During his 36-year career as a math professor, Gary Gordon built a strong community within the department and undertook a number of endeavors outside the classroom to support students
Gary Gordon joined the Department of Mathematics in 1986, along with his wife, Liz McMahon. He served as the department head on three occasions over a period of eight years, and has been inspired by colleagues who truly care about their teaching at such a high level.
“I had a few goals as department head. My top concern was building a real community within the department, supporting students, and constantly telling everyone about how wonderful the Math Department is. It’s a taxing job, and bike riding was a good way for me to decompress. My favorite part was working closely with our tremendous secretary, Jayne Trent, who made me look more organized than I am,” he recalls. “I think the key to succeeding at the job is being honest with people, taking the time to listen to concerns, and to be responsive.”
Throughout his time at Lafayette, Gordon undertook a number of endeavors outside the classroom that he always saw as important pieces of service to the school. When Prof. Cliff Reiter got the College involved in the Research Experience for Undergraduates (REU) program in the early ’90s, Gordon (and McMahon) became involved, and Gordon ran the program from 2000 to 2010, during that time publishing 16 papers with student co-authors. One of those, “Pick a tree, any tree,” won the Paul R. Halmos-Lester R. Ford Award for exposition.
“In order to find good problems for students to work on, I needed to get into a different creative space than I usually do when I research,” Gordon shares. “I think it’s impossible to predict the direction a career can take. Try to be open to new ideas and experiences.”
Gordon was also a mentor for the Posse Scholars program and the Lafayette Initiative for Malagasy Education (LIME) program, both of which he says made him a better, more patient teacher and parent.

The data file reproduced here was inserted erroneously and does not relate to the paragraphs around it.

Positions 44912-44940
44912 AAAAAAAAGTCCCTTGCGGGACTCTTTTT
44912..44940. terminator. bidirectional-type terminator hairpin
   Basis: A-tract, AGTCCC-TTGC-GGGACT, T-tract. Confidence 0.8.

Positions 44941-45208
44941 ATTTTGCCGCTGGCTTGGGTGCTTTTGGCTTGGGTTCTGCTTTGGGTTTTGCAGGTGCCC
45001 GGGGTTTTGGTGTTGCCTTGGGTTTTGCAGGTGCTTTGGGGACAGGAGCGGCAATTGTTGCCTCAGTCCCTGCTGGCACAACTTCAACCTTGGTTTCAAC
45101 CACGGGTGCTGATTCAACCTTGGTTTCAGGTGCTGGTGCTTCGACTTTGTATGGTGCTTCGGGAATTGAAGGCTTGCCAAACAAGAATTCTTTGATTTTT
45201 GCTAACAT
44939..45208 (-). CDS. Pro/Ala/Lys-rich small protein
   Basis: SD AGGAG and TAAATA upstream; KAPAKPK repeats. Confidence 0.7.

“I was a Posse mentor (with McMahon) back in 2003, working with the New York contingent that graduated in 2007. Working with a group of students whose backgrounds were so different from the vast majority of the students I teach was really eye-opening. Liz and I each served as mentors one more time, leading our own groups,” he shares. “Understanding their struggles, helping them cope with a campus that was quite alienating, celebrating their triumphs, and getting to know them as individuals and seeing them riff off of each other in a group was tremendously inspiring to me.”
Gordon and McMahon are still in touch with those Posse alums and hold yearly reunions with them. The meaningful relationships they forged led to their interest in working with LIME, which Gordon says was easy to get involved in because “equality of opportunity speaks loudly to me, and it’s easy for me to love any program that brings very talented and hard-working students to Lafayette.”
Outside of his work in the classroom and with College initiatives, Gordon—a lover of America’s national pastime—twice taught an FYS course on baseball, which led to being asked to be the faculty mentor for Lafayette’s baseball team, working with then-coach Joe Kinney and his staff.
“It was a real highlight for me. It allowed me to read as many baseball books as I wanted without feeling guilty about time I wasn’t proving theorems or reading more math,” Gordon laughs.